All drives have failures, and while it sucks to be the one that gets the dodgy drive, there will always be someone who can post "it didn't work for me". However, the OCZ Vertex have an unusually high number of "It didn't work for me" reviews. Is it a stitch-up? It'd be easy for "a motivated third party" to buy 27 drives off newegg and post negative reviews. It'd also be in OCZ's interest to fan the flames of doubt on the SF2281 as they are releasing new SSDs based on their own, newly-purchased, Indilinx controllers. But taking off the tin-foil hat, it does look like Vertex 3's have problems.
Why did I recommend the OCZ? AnandTech writes about OCZ products a lot, and I trust them. I wrote the post a few days ago thinking that mostly my friends would read it. It only occurred to me today to post it on hacker news, when I saw that I got like 7 +1s from friends.
"Back in October SandForce announced that it had discovered a firmware issue that resulted in unexpected BSODs on SF-2281 drives on certain platforms. Why it took SandForce several months to discover the bug that its customers had been reporting for a while is a separate issue entirely. SandForce quickly pushed out the firmware to OCZ and other partners. Our own internal testing revealed that the updated firmware seemed to have cured the infamous BSOD."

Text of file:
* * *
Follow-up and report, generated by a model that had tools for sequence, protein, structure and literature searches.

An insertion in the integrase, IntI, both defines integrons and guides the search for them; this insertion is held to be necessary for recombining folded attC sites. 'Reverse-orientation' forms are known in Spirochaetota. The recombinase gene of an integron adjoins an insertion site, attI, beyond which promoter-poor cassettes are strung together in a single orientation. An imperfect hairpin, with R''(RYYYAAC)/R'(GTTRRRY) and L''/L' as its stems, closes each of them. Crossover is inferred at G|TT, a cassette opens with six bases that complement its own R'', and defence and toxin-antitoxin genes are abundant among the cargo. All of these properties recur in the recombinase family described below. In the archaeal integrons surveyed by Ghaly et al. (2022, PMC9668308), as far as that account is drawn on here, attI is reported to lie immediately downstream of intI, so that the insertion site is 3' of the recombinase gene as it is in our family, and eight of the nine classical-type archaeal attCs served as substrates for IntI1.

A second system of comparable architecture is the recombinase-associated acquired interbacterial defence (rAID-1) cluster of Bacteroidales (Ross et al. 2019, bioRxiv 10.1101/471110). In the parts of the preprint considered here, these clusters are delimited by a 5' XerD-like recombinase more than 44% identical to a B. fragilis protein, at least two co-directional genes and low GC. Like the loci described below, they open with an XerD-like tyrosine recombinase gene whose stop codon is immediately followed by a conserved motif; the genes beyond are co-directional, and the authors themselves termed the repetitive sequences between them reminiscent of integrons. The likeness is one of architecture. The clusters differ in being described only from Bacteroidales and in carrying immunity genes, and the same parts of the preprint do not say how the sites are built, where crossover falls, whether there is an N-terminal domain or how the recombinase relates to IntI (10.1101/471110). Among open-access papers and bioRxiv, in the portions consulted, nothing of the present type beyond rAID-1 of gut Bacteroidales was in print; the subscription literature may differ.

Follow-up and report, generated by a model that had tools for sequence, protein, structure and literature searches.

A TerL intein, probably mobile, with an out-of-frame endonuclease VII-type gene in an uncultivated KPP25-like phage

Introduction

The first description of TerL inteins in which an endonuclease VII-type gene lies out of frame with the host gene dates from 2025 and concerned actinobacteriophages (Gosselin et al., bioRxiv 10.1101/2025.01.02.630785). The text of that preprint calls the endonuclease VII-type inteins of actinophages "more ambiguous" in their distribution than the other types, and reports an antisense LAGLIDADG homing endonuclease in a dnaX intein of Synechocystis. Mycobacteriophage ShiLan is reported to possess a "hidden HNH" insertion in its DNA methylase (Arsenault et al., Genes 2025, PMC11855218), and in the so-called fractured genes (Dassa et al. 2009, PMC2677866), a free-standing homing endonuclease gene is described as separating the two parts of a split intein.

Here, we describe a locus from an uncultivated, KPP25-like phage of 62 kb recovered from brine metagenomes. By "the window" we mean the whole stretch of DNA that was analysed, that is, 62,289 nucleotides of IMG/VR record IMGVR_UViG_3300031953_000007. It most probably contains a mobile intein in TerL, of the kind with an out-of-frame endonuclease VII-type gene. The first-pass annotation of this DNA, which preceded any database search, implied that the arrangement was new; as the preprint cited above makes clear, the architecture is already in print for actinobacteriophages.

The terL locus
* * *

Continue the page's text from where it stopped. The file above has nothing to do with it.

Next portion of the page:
"As luck would have it, our own Brian Klug happened to come across an unexpected crash with his 240GB non-Intel SF-2281 based SSD two weeks ago when he migrated it to another machine. The crash was an F4 BSOD, similar in nature to the infamous BSOD issue from last year."